Ethical Furniture Is Only Choice


I can always make prompt decisions. This is one of the few things I’m proud of in my abilities. The trick is always trying to narrow down choices. Some people (who love fashion, for example) may say “We enjoy matching outfits!” but it’s a rare example. As a psychologist, Barry Schwartz insists in his book “The Paradox of Choice,” more choices make us feel less happy for the three reasons: a sense of helplessness about not being able to make decisions; a bigger doubt in the correctness of choices; too high expectation for something perfectly matching the taste. Apparently, “more is less” is the truth of life.

The reason why I use fashion in the above example is today’s topic is news from apparel industry that is environmental pollution industry second to oil industry. According to UNCTAD, the industry emits 20% of the world’s industry waste water and 10% of CO2. The world biggest apparel company in market capitalization is Fast Retailing (UNIQLO). It has officially announced to achieve the zero emission of green house gasses by 2050. I think it’s great but not enough. We consumers also must change our ways of thinking. Some research says we Japanese people averagely buy 18 pieces of clothes and throw away 12 pieces in a year, and keep 25 pieces not to wear in the closet. We have too much stuff.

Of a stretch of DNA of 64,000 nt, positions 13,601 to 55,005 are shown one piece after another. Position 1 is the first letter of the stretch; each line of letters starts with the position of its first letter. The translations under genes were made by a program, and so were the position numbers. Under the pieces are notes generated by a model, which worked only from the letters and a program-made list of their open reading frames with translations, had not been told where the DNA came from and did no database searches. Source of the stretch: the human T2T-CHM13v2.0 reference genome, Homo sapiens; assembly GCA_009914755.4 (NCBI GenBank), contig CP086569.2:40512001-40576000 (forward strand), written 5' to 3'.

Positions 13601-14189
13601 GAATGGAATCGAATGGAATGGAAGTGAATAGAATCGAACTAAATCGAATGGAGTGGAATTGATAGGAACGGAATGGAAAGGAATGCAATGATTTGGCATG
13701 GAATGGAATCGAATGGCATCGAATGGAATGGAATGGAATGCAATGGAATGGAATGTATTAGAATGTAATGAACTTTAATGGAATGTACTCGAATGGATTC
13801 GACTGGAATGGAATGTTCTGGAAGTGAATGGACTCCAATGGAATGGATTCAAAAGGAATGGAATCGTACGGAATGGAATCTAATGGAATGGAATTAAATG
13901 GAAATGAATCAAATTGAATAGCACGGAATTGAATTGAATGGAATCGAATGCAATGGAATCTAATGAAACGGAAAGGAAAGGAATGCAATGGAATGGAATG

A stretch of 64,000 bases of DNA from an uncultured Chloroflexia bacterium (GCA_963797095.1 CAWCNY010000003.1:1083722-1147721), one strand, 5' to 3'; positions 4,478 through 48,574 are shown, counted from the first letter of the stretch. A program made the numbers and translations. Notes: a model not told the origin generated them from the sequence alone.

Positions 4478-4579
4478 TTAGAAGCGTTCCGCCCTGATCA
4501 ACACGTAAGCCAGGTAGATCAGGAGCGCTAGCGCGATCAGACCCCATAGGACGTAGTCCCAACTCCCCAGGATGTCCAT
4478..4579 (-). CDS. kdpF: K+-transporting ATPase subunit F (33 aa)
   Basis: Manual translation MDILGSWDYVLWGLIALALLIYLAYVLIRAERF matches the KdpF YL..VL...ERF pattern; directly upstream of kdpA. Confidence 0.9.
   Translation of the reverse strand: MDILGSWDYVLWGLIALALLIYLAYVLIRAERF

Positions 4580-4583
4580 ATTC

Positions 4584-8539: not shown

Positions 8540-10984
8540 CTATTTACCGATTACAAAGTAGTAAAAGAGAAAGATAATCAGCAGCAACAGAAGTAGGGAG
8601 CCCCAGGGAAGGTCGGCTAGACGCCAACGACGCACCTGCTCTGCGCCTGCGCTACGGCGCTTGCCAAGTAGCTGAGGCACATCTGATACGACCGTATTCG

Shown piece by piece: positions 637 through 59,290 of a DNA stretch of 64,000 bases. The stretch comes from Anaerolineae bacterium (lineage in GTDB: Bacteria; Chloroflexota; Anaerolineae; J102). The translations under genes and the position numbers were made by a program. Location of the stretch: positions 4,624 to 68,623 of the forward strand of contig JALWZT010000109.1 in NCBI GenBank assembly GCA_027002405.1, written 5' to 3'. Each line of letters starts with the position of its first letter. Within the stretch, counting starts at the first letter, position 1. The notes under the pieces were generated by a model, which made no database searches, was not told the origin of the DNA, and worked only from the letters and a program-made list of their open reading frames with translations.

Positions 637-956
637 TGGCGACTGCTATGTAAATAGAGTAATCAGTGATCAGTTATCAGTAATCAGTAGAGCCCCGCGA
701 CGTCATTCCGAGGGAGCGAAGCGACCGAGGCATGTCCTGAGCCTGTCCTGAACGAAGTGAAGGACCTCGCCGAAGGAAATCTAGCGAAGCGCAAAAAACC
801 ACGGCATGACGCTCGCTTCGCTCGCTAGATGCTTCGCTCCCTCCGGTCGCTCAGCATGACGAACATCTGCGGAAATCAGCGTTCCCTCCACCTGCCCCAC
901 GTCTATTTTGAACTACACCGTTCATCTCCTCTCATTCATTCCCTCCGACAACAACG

Japanese furniture SHOJI Open Shelf by Lucia Matteucci

Now, it’s about our furniture making. Some people may have negative feelings for cutting trees, but it’s no need to worry. The trees suitable for our furniture making are mature ones, like more than 50 years old, at least. In such mature trees, the amounts of carbon dioxide absorption and emission become equal. And also, if we don’t cut mature trees in the mountains around us, the forest will die by the overcrowding of trees. Our production is completely made-to-order, and there’s no disposal. Luckily or unluckily, our products are not cheap, which strongly motivates people to use them for a long time. Why don’t you stop spending on a bunch of disposable products and instead buy one set of our ethical furniture?


Shungo Ijima

He is travelling around the world. His passion is to explain Japan to the world, from the unique viewpoint accumulated through his career: overseas posting, MBA holder, former official of the Ministry of Finance.


Photo Credit: https://www.bbc.com/news/world-44968561